(This last item may not reflect editorial opinion, surely once the bottle is opened it deserves to be finished in one sitting. The person I live with frequently draws my attention to the week that passes between a tasting and when the committee downs the tasting leftovers, but members may not understand the deterioration that has occurred during that time and the generous effort made by committee members to get rid of these leftovers on their behalf.)

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Are you going to Strawberry Fare?

Wellington restaurant Strawberry Fare owner Katy Pearce believes many loyal patrons will miss its popular lemon ...
Strawberry Fare owner Katy Pearce believes many loyal patrons will miss its popular lemon chocolate cheesecake.

Diedre Mussen – Stuff

Desperate dessert diners have emerged in droves to book seats at the soon-to-close Wellington restaurant Strawberry Fare.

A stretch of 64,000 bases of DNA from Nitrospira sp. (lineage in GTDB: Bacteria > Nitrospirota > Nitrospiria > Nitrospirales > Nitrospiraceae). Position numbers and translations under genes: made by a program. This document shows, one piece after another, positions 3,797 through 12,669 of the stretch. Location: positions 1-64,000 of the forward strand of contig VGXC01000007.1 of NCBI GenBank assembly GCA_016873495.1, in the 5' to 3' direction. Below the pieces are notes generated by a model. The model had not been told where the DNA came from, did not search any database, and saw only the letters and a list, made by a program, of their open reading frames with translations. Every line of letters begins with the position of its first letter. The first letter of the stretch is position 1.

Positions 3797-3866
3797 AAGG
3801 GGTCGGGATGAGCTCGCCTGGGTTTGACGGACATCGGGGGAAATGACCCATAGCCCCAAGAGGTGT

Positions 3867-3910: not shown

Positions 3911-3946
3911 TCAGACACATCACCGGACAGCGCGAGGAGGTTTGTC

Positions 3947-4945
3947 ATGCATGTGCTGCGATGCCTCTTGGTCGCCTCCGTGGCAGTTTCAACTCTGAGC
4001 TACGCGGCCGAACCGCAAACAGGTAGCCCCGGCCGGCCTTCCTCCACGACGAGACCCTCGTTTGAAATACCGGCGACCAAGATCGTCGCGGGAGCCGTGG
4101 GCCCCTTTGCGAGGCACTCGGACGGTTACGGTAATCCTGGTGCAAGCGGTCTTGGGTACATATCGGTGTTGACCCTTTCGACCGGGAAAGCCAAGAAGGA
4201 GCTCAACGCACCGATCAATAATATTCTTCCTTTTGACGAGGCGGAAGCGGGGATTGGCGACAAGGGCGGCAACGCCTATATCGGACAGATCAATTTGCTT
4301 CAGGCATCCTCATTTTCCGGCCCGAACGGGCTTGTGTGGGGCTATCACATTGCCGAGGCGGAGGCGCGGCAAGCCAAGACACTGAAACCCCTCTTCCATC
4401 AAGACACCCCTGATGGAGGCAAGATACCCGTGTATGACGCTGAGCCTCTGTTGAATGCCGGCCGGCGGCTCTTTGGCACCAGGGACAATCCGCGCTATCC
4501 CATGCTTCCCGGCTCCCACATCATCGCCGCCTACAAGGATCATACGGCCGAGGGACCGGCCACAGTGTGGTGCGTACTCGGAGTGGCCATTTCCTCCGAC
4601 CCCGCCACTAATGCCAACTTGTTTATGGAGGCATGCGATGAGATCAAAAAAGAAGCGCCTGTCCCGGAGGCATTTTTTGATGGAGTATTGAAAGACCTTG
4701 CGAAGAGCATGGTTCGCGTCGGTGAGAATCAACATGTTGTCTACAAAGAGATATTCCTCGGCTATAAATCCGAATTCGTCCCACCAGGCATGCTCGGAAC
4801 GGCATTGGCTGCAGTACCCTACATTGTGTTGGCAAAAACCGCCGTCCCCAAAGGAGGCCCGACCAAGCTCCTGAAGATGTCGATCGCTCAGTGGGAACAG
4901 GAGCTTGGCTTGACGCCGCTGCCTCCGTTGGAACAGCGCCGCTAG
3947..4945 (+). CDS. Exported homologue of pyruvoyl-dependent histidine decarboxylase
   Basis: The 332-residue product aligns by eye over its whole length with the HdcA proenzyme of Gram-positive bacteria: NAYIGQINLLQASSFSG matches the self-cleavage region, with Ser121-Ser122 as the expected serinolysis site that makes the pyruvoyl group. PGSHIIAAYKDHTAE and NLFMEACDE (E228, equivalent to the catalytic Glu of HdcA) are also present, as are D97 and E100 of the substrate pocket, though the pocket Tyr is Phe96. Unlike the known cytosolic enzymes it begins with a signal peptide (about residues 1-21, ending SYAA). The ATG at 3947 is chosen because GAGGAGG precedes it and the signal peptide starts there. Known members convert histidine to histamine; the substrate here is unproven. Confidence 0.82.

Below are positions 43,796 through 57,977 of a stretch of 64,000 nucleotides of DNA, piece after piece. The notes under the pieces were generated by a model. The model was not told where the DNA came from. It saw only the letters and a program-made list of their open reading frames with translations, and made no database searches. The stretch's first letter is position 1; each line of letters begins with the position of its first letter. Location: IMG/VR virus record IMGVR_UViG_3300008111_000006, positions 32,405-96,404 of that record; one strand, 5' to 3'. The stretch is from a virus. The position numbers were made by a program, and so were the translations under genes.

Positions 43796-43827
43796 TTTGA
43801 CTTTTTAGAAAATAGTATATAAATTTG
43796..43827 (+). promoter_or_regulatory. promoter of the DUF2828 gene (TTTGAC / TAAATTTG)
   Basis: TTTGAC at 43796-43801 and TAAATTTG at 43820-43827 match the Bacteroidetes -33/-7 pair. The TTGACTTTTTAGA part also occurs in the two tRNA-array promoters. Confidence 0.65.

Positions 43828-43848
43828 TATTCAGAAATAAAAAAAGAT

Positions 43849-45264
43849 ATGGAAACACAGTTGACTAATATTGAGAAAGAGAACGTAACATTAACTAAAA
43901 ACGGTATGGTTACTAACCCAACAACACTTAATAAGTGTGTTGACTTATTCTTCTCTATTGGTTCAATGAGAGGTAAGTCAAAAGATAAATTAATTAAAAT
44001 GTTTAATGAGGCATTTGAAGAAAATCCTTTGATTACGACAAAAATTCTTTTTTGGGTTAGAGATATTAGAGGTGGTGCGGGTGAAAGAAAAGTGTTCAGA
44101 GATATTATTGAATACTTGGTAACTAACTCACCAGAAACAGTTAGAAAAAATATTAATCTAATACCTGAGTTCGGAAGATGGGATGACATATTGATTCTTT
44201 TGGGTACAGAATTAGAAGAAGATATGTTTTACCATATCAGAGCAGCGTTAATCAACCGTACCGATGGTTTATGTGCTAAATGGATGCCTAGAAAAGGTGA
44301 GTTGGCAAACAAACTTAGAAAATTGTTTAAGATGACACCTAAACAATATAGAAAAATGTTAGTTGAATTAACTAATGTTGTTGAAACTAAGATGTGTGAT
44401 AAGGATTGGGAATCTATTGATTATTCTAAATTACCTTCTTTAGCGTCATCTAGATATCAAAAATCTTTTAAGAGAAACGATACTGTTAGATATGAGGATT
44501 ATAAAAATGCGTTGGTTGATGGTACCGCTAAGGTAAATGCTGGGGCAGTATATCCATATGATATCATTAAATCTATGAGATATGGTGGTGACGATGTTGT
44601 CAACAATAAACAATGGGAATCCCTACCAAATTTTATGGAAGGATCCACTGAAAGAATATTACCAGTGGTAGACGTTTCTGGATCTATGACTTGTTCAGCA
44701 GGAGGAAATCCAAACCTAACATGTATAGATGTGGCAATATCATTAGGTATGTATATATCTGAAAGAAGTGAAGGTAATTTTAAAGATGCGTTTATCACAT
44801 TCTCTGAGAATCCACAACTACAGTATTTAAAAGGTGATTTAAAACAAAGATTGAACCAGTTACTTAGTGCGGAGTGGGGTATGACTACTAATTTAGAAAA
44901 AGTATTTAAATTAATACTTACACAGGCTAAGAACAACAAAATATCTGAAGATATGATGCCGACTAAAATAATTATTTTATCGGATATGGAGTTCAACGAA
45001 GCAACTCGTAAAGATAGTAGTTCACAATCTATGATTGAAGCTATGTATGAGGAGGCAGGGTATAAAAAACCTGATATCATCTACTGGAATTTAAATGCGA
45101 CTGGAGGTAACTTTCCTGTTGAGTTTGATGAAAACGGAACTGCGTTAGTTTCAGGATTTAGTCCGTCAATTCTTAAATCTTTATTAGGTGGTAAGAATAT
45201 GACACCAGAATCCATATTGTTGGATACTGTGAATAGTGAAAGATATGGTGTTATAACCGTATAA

The Kent Tce restaurant will shut its doors on May 29, disappointing many loyal sweet-toothed patrons who fear missing their favourite sugar hit.

Owner Katy Pearce was inundated with people booking tables after announcing its impending closure on social media at midday on Tuesday, forcing her to stop taking any further reservations by Tuesday evening.

“It’s been overwhelming. I feel so terrible to say to people we just can’t take any more bookings.”

One of her maitre d’s, Caitlin Barrie, suggested posting news of the closure on the restaurant’s Facebook page, a day after staff were told about it on Monday.

Pearce said she knew it would create huge interest, but agreed with Barrie’s encouraging words: “Let’s go out with a bang”.

Within about eight hours, all their last bookings were full with hundreds of people emailing and phoning in.

“I said to Caitlin afterwards, ‘You got your bang’.”

The art deco restaurant opened in 1992 in a remodelled former funeral parlour and swiftly became a popular institution for its sweet treats.

Pearce said it was a hard decision to close-up shop, but the building needed repairs and she wanted a break to spend more time with her three daughters, aged from 6 to 12 years.

“I’ve worked every day for the last 24 years. That’s what owning your own business is like. It will be so nice for me to have a break.”